Major Android vulnerability gives hackers system access with a simple text

A security flaw in Android lets attackers can access to entire devices by sending executing code through MMS messages.

The latest vulnerability in Google’s Android operating system is being called one of the worst to date: It lets hackers corrupt a device simply by sending a text message that users don’t even have to open.

According to San Francisco-based security firm Zimperium, there are multiple vulnerabilities in an Android media processing platform known as Stagefright. Attackers can use these vulnerabilities to send media files via MMS that execute code remotely, giving them access to files, permissions and other sensitive information on the phone. The code can allow the bad actor to tap into the infected device’s microphone and video camera.

What makes this exploit so dangerous is the fact that users do not have to click on the malicious media — once the phone has been contacted, the exploit has started to execute code.


Zimperium said the issue critically exposes 95 percent of Android devices, which comes to an estimated 950 million devices. When the company alerted Google about the problem, a patch was pushed in 48 hours.

Despite the quick fix, Zimperium said Android users are still vulnerable. Android’s over-the-air updates normally take a while to reach users. Some older devices never receive updates at all. Roughly 11 percent of Android users are running devices prior to Android 4.1 (Jelly Bean), versions that are most at-risk.

“If ‘Heartbleed’ from the PC era sends [a] chill down your spine, this is much worse,” reads a blog post on Zimperium’s website. “The targets for this attack can be anyone from prime ministers, ministers, executives of companies, security officers to IT Managers and more, with the potential to spread like a virus.”

Users of Silent Circle’s PrivatOS and Mozilla’s Firefox OS have already been patched. FedScoop has reached out to several other mobile device management companies to see what has been done in the exploit’s wake.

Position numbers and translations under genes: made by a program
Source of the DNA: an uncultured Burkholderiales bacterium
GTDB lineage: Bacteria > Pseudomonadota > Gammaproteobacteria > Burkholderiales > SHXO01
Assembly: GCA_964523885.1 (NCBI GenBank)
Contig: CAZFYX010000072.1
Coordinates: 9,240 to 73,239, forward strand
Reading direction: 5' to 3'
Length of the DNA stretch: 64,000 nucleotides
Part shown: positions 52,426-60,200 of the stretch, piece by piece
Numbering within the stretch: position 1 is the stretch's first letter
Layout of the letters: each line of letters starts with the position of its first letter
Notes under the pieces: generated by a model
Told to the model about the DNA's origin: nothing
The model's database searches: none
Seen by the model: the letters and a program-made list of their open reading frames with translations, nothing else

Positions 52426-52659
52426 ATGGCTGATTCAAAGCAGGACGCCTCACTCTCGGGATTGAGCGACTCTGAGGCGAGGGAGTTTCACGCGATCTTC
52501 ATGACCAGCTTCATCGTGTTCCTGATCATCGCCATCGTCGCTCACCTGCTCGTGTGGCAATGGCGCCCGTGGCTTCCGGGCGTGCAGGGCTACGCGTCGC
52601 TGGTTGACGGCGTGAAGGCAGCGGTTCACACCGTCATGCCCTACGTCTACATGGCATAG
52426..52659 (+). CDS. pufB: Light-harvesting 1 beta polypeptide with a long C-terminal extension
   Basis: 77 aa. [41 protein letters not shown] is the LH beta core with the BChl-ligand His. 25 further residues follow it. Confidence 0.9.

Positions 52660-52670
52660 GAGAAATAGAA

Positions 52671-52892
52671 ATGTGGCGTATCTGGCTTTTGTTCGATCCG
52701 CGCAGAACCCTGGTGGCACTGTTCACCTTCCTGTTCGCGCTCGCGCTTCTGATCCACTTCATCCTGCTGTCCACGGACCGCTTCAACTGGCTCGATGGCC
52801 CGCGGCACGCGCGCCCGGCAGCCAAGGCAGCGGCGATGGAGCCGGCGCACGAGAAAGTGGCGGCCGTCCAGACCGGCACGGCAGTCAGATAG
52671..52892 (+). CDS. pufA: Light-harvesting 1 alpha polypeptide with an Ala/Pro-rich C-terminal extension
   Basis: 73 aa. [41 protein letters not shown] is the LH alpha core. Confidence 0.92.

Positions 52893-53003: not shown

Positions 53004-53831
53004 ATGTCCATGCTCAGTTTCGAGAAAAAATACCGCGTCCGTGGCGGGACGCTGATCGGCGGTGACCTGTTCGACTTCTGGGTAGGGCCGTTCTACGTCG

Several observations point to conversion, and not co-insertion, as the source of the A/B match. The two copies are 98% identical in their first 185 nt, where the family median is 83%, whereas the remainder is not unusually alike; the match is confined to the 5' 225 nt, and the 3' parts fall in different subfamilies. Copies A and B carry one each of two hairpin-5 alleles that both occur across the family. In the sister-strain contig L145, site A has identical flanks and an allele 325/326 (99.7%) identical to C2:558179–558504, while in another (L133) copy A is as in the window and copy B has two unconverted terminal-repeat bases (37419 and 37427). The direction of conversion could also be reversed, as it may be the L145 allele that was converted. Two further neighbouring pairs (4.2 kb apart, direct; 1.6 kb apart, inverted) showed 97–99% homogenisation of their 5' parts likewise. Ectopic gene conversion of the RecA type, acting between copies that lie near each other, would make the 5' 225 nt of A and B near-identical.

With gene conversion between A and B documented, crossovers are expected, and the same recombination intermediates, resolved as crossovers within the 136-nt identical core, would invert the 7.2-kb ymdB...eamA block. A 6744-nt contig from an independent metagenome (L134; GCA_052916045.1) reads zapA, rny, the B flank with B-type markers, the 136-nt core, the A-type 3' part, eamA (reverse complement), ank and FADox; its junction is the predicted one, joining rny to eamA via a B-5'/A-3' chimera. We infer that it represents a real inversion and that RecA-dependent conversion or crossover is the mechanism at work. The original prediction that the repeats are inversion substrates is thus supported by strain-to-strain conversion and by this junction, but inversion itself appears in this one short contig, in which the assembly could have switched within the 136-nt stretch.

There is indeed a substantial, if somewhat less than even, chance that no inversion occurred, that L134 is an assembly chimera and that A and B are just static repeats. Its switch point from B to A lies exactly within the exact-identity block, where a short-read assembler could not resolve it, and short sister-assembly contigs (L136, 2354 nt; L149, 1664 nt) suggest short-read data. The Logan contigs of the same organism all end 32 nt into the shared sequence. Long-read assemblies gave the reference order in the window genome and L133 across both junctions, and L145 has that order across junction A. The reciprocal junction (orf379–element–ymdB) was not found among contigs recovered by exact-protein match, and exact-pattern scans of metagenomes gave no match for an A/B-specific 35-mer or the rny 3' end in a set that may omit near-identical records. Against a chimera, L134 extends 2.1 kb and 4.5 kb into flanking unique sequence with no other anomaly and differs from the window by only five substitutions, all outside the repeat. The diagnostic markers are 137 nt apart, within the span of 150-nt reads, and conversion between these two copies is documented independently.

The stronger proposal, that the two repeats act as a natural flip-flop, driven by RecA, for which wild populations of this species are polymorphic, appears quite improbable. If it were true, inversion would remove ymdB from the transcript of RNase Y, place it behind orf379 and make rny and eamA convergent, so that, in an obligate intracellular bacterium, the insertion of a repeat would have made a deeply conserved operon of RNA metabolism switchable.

We have also reached out to a number of government agency mobility departments to see if there have been any in-house fixes ordered. We’ll update when we hear more.


UPDATE 7.28, 7:00 AM: Enterprise Mobility Management company Good Technology, which works will a variety of government agencies, sent along the following statement:

Zimperium announced that they have discovered what they describe as the “‘Mother
of all Android Vulnerabilities,’ as it impacts 95% of all Android
devices out there and does not require any interaction with the victim.”

we wait in anticipation of the BlackHat and DefCon presentations, we
are also reviewing Android’s StageFright Media Player Architecture.
Initial analysis of the limited information provided indicates that this
vulnerability can’t be used to access any data within the Good secure

Reports indicate
that certain devices may have additional vulnerabilities that might
allow broader exploits to be executed, but insufficient details have
been disclosed to enable us to make any further analysis at this time.

Once full details are disclosed by the researcher we will issue an update as required.


Greg Otto

Written by Greg Otto

Greg Otto is Editor-in-Chief of CyberScoop, overseeing all editorial content for the website. Greg has led cybersecurity coverage that has won various awards, including accolades from the Society of Professional Journalists and the American Society of Business Publication Editors. Prior to joining Scoop News Group, Greg worked for the Washington Business Journal, U.S. News & World Report and WTOP Radio. He has a degree in broadcast journalism from Temple University.

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